Unshackle India's Strategic Thinking

As India is all set to ink the Logistics Exchange Memorandum of Agreement with the United States, it must revisit its history while formulating the current policy of military-to-military ties with the US. India's strategy must address the issue of freedom from Western thought and question imperial alignments ingrained in such defence agreements.

In Lewis Carroll’s Through the Looking-Glass, a sequel to Alice in Wonderland, Humpty Dumpty is asked why he gives different meanings to commonly used words. He replies, “when I use a word, ... it means just what I choose it to mean.” Such comic confidence is on display in abundance in geopolitical memes that originate from the West. Since 2008, the Indian Ocean and the Western Pacific have been integrated into a single strategic entity and named “Indo–Pacific” by the Americans. The British did the same during World War II, when “Far East” was conveniently used to describe their military operations extending from the Solomon Islands to the frontiers of Burma and India (Hubbard 1944: 179).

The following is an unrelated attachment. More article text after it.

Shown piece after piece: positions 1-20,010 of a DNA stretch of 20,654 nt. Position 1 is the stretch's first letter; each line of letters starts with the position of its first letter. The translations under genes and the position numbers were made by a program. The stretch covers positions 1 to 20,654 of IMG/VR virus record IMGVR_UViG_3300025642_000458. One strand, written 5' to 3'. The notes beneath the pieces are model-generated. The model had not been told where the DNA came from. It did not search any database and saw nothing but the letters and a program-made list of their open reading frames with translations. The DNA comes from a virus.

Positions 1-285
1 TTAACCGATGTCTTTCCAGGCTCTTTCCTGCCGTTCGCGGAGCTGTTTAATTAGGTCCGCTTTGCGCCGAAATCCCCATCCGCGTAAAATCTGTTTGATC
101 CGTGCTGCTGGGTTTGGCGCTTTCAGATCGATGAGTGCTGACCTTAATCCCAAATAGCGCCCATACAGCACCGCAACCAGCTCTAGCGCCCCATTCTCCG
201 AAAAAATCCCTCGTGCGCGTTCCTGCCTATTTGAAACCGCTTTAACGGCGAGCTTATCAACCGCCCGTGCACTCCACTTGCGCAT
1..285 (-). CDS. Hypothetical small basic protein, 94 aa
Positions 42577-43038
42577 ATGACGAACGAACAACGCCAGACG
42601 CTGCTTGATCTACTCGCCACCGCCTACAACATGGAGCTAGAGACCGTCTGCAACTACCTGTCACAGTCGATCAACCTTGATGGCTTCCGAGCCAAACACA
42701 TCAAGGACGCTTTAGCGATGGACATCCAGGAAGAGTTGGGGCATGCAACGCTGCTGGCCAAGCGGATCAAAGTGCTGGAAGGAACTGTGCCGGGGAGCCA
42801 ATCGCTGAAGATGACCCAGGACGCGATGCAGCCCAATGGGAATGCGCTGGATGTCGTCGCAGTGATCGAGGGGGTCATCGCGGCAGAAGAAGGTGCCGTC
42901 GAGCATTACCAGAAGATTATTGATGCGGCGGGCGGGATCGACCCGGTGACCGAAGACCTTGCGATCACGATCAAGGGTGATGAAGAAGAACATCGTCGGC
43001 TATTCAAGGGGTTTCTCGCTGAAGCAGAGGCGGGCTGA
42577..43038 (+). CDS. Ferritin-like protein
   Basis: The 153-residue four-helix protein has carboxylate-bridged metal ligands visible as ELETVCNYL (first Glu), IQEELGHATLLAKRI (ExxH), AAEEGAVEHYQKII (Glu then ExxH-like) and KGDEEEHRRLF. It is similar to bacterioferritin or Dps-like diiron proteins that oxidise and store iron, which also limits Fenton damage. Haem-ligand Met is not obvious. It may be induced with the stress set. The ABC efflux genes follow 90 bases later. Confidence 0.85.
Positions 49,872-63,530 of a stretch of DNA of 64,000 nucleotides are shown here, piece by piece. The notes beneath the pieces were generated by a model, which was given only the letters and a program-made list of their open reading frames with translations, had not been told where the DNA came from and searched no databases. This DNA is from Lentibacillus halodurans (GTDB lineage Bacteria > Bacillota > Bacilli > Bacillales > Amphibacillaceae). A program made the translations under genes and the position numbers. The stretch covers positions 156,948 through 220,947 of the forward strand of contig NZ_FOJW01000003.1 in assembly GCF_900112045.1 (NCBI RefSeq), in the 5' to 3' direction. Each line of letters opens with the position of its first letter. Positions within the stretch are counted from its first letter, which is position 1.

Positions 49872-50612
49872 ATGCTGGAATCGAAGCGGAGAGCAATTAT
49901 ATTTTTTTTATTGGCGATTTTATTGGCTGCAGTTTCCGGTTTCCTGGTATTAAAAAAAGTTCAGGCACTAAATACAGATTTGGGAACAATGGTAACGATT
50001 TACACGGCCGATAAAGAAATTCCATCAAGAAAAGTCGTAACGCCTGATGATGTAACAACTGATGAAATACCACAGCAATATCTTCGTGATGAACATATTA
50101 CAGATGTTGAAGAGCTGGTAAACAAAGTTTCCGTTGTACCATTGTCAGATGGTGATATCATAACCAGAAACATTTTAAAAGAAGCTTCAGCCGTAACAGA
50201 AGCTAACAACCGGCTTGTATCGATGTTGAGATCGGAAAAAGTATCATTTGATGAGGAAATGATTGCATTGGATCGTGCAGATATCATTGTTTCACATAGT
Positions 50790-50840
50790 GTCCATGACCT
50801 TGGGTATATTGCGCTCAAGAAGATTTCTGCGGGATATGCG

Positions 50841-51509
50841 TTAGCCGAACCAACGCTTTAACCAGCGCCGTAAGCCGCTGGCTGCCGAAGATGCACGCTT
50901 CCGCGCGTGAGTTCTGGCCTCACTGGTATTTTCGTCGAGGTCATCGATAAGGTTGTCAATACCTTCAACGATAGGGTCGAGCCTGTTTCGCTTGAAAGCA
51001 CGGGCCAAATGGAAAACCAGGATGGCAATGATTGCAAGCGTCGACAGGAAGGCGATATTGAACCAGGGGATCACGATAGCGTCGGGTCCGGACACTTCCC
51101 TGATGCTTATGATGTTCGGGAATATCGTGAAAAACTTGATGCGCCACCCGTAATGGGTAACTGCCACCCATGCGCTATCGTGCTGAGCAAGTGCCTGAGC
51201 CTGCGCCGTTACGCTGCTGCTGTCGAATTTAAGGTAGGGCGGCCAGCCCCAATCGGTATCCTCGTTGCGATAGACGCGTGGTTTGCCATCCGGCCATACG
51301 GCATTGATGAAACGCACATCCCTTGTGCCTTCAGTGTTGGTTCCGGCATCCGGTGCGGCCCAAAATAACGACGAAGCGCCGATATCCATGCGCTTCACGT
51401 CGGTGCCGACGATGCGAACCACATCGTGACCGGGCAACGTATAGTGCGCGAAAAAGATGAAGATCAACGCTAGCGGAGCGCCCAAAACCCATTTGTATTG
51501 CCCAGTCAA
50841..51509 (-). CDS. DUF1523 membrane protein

However, more comical is the ease with which such idea-memes like “Indo–Pacific” and “net-security provider” get replicated in the strategic discourse of “great power” aspirants like India. The net result of this sustained mimicry is that India is now all set to ink the Logistics Exchange Memorandum of Agreement (LEMOA) with the United States (US) in the coming months. Going by media reports, the LEMOA appears to be a watered-down version of the Logistics Support Agreement (LSA), which the US signs with other military allies to facilitate smooth exchange of logistics support, supplies and services on a reciprocal basis. Many see the formalisation of the Indo–US military relationship as a great leap forward in making India a great power. It is presumed that these developments will open the floodgates to American military technology for the budding Indian military-industrial complex.

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